The case of Animal Farmers is parallel to that of Plant Farmers in pretty much all respects.

•  As with the use of herbicides by Plant Farmers, the use of antibiotics by Animal Farmers entails externalities: the use of antibiotics to raise animals decreases the effectiveness of using antibiotics to treat disease in People.

•  Due to this externality there is too much use of antibiotics from a social standpoint by Animal Farmers.

•  And yet, any Animal Farmers who chooses to deviate from the practice of using antibiotics to raise animals will suffer a cost disadvantage.

•  And similar to the Plant Farmers’ response to People’s objections to too much herbicide use by providing organics, Animal Farmers are responding to People’s objections to too much use of antibiotics by curbing their use in the raising of animals. Specifically, the WSJ reports the following articles relating to chicken farmers:

°  “Foster Farms to Curb Antibiotics Use in Its Chicken” (June 1, 2015)

°  “Tyson Joins the Flock on Curbing Antibiotics” (April 28, 2015)

°  “Pilgrim’s Expects 25% of Its Chicken Will Be Antibiotic-Free by 2019” (April 20, 2015)

Presumably, the costs of antibiotics-free chicken will be greater than the costs of chicken raised using antibiotics. Depending on People’s sensitivity to price, either antibiotics-free chicken will garner a higher price, and/or chicken raised using antibiotics will suffer a price drop.

Hot off the presses: The WSJ just reported, “FDA Clears Way for New Curbs on Antibiotics Given to Farm Animals:”

The Food and Drug Administration paved the way for new restrictions on antibiotics given to cows, chickens and other farm animals as the Obama administration pursues ways to fight the so-called superbugs that are growing increasingly resistant to the current arsenal of infection-fighting drugs.

The FDA on Tuesday issued a set of guidelines for veterinarians who will soon be responsible for prescribing antibiotics for animals destined for the dinner plate, marking a key step in ending the practice of distributing those drugs over the counter.

Any government restrictions on the use of antibiotics will end up increasing all Animal Farmers’ costs (equally). The announced action will increase social welfare by providing incentives for all Animal Farmers to reduce their use of antibiotics together, without putting any single Animal Farmer at a cost disadvantage relative to his competitors.


Fish Farmers

According to Wikipedia, 40% of global seafood produced in 2005 came from Fish Farmers:

Fish farming involves raising fish commercially in tanks or enclosures, usually for food... Worldwide, the most important fish species used in fish farming are carp, salmon, tilapia and catfish.

There is an increasing demand for fish and fish protein, which has resulted in widespread overfishing in wild fisheries, China holding 62 percent of the world's fish farming practice... The global returns for fish farming recorded by the FAO in 2008 totalled 33.8 million tonnes worth about $US 60 billion. In 2005, aquaculture represented 40% of the 157.5 million tons of seafood that was produced, meaning that it has become a critical part of our world's food source even though the industry is still technically in its 'infancy' and didn't really become well known until the 1970s. Because of this rise in aquaculture, there has been a rise in the per capita availability of seafood globally within the last few decades.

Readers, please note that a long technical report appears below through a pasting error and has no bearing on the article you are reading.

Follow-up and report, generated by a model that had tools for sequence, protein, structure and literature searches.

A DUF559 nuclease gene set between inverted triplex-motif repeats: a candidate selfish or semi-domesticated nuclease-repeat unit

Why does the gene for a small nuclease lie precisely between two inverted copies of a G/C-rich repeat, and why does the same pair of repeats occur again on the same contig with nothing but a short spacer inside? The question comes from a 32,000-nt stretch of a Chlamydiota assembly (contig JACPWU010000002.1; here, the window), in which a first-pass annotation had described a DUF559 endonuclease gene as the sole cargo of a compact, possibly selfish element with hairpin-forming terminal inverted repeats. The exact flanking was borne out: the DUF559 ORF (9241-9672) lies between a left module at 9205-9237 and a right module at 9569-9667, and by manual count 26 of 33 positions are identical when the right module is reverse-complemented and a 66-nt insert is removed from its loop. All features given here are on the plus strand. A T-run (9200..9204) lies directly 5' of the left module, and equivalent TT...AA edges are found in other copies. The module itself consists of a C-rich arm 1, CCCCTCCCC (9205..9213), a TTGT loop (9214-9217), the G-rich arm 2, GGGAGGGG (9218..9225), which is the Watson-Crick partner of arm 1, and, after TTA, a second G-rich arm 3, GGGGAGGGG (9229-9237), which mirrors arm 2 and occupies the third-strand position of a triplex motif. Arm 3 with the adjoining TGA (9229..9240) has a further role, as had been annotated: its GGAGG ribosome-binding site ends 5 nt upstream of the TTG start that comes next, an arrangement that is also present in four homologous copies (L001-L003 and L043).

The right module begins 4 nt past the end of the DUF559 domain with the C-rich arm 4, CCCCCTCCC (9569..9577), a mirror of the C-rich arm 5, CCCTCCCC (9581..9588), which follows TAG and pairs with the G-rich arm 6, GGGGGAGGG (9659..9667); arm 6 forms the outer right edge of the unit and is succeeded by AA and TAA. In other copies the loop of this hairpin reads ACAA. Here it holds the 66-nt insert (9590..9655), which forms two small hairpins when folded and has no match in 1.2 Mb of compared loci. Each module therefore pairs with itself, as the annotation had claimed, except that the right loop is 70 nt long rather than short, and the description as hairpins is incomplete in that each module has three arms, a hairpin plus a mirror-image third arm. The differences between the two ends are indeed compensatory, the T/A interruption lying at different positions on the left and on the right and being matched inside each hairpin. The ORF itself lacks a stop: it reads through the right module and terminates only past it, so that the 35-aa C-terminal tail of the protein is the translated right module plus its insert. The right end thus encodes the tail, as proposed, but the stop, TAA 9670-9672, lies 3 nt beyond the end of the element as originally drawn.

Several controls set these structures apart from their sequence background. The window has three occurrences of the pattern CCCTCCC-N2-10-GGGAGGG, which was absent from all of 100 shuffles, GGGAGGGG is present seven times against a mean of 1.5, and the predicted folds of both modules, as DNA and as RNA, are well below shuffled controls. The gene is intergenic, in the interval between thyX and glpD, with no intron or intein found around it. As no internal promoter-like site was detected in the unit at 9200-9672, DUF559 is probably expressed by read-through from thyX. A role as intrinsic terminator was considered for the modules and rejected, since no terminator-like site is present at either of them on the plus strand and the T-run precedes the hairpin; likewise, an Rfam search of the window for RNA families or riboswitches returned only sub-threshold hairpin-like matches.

The Institute for Agriculture & Trade Policy, in “Antibiotics and Fish Farming,” indicates that “70 percent of seafood consumed in the United States is imported from other countries,” and that

... [U]nregulated use of antibiotics in fish farms overseas continues to skyrocket. In many countries exporting to the United States, farmed fish and shrimp are produced in crowded facilities with inadequate, or non-existent regulation of antibiotic use.

Like Plant Farmers and Animal Farmers, Fish Farmers seek to maximize the amount of fish they can sell per unit cost. The difference, perhaps, in the case Fish Farmers is that (many of) those farms are located in areas with polluted and/or unregulated environments. Without monitoring and/or regulation, and assuming that using antibiotics is the lowest-cost means of bringing fish to market, no one Fish Farmer has an incentive to unilaterally defect from the strategy of using antibiotics to raise fish.


Healthcare Providers

Healthcare Providers choose therapeutics to treat their patients. As I mentioned previously in the section on “Pathways to Resistance Through Prescription and Use by Healthcare Providers,” many Healthcare Providers misuse antibiotics by using them to treat patients with nonbacterial infections, either

(i)  due to the mistaken belief that their patients suffer from bacterial infections, and/or

(ii)  due to patient pressure to prescribe medication.

Advances in diagnostic technology that help Healthcare Providers determine the true causes of People’s illnesses should help reduce the misuse of antibiotics in the first case above, (i).

Increases in the general education and awareness of the problem involving resistance to antibiotics, among both Healthcare Providers and People, should help to reduce the incidence of misuse of antibiotics in the second case above, (ii).



People receive therapeutics from their Healthcare Providers to treat their illnesses. . As I mentioned previously in the section on “Pathways to Resistance Through Use by People,” improper use of antibiotics by People can speed the rate of resistance. As in the case of Healthcare Providers, increases in the general education and awareness of the problem involving resistance to antibiotics should help reduce the incidence of misuse of antibiotics in People, by motivating them to

•          Avoid eating plants, animals and fish that were raised using herbicides or antibiotics;

•          Take medications properly and/or as directed; and

•          Not pressure Healthcare Providers to prescribe improper uses of antibiotics.